The location is already heavily burdened by the presence of Nine Mile Point Units 1 & 2, as well as the FitzPatrick atomic reactor. Nine Mile Point Unit 1 and FitzPatrick are General Electric Mark I Boiling Water Reactors, identical in design to Fukushima Daiichi Units 1 to 4. Nine Mile Point Unit 2 is a Mark II, very similar in design to Fukushima Daiichi. Lake Ontario serves as the drinking water supply for many millions of people in New York, Ontario (including Canada's largest city, Toronto), and a large number of Native American/First Nations.


How close are you to a Mark I or II?

Sample image from an ESRI nuclear power plant proximity calculationThis online mapping program by ESRI can tell you your proximity to the nearest atomic reactors. Just allow the program to utilize your current location, or type in any address in the Lower 48, and find out!

This program was included in March 10, 2014 NBC News coverage of the Fukushima nuclear catastrophe's 3-year mark, in an article entitled "U.S. Nuclear Agency Hid Concerns, Hailed Safety Record as Fukushima Meltded" by investigative reporter Bill Dedman.

There are 23 GE BWR Mark Is operating in the U.S., and 3 Mark IIs. The former are identical in design to Units 1 to 4 at Fukushima Daiichi, while the latter are very similar in design. Use this program to see if an address you care about is close to one or more Mark Is or IIs, and help us "Freeze Our Fukushimas"!


Statement by The Vermont Yankee Decommissioning Alliance regarding the PSB's decision to grant a Certificate of Public Good to Vermont Yankee

Vermont Yankee is a GE BWR Mark I, identical in design to Fukushima Daiichi Units 1-4.


Statement by The Vermont Yankee Decommissioning Alliance regarding the PSB's decision to grant a Certificate of Public Good to Vermont Yankee

April 1, 2014

The Vermont Yankee Decommissioning Alliance has been working to close the Vermont Yankee nuclear power plant for over 40 years.   The decision on Friday, March 28, 2014 by the Vermont Public Service Board (PSB) moves us a significant step closer to the closure of Vermont Yankee and the beginning of its decommissioning.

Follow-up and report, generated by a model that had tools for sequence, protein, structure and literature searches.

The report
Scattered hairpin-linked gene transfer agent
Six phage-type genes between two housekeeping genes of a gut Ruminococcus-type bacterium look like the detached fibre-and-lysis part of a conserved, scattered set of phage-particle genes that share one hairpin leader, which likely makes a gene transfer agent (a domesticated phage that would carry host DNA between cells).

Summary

We commend the PSB for addressing Entergy’s history of untrustworthiness.   Additionally, the PSB addressed some of our concerns regarding Entergy by over-ruling a number of Entergy’s remaining objections.  The PSB rejected Entergy’s claims for full federal preemption citing a US Supreme Court precedent and asserted dual jurisdiction over areas not involving radiological safety.


We appreciate that by granting the Certificate Public Good (CPG) conditioned on the Memorandum of Understanding negotiated by the state and Entergy the PSB expects Entergy to live up to the commitments signed in the settlement with the state of Vermont.  Our concerns remain the expedited transfer of the dangerous, irradiated spent fuel rods from the pool into dry cask storage; protection of the workers and the community throughout the decommissioning process; continued thermal discharge into the Connecticut River; the creation of a citizen’s advisory board and finally, the shortfall of decommissioning funds.


We are thankful to all the intervening parties and citizen activists who persevered through decades of struggle to close the Vermont Yankee nuclear power plant. We continue to be wary of Entergy Nuclear.  Though we are in new stage of endeavor, there remains a critical need for continued public vigilance for a safe, thorough and responsible decommissioning process leading to the final restoration of the site.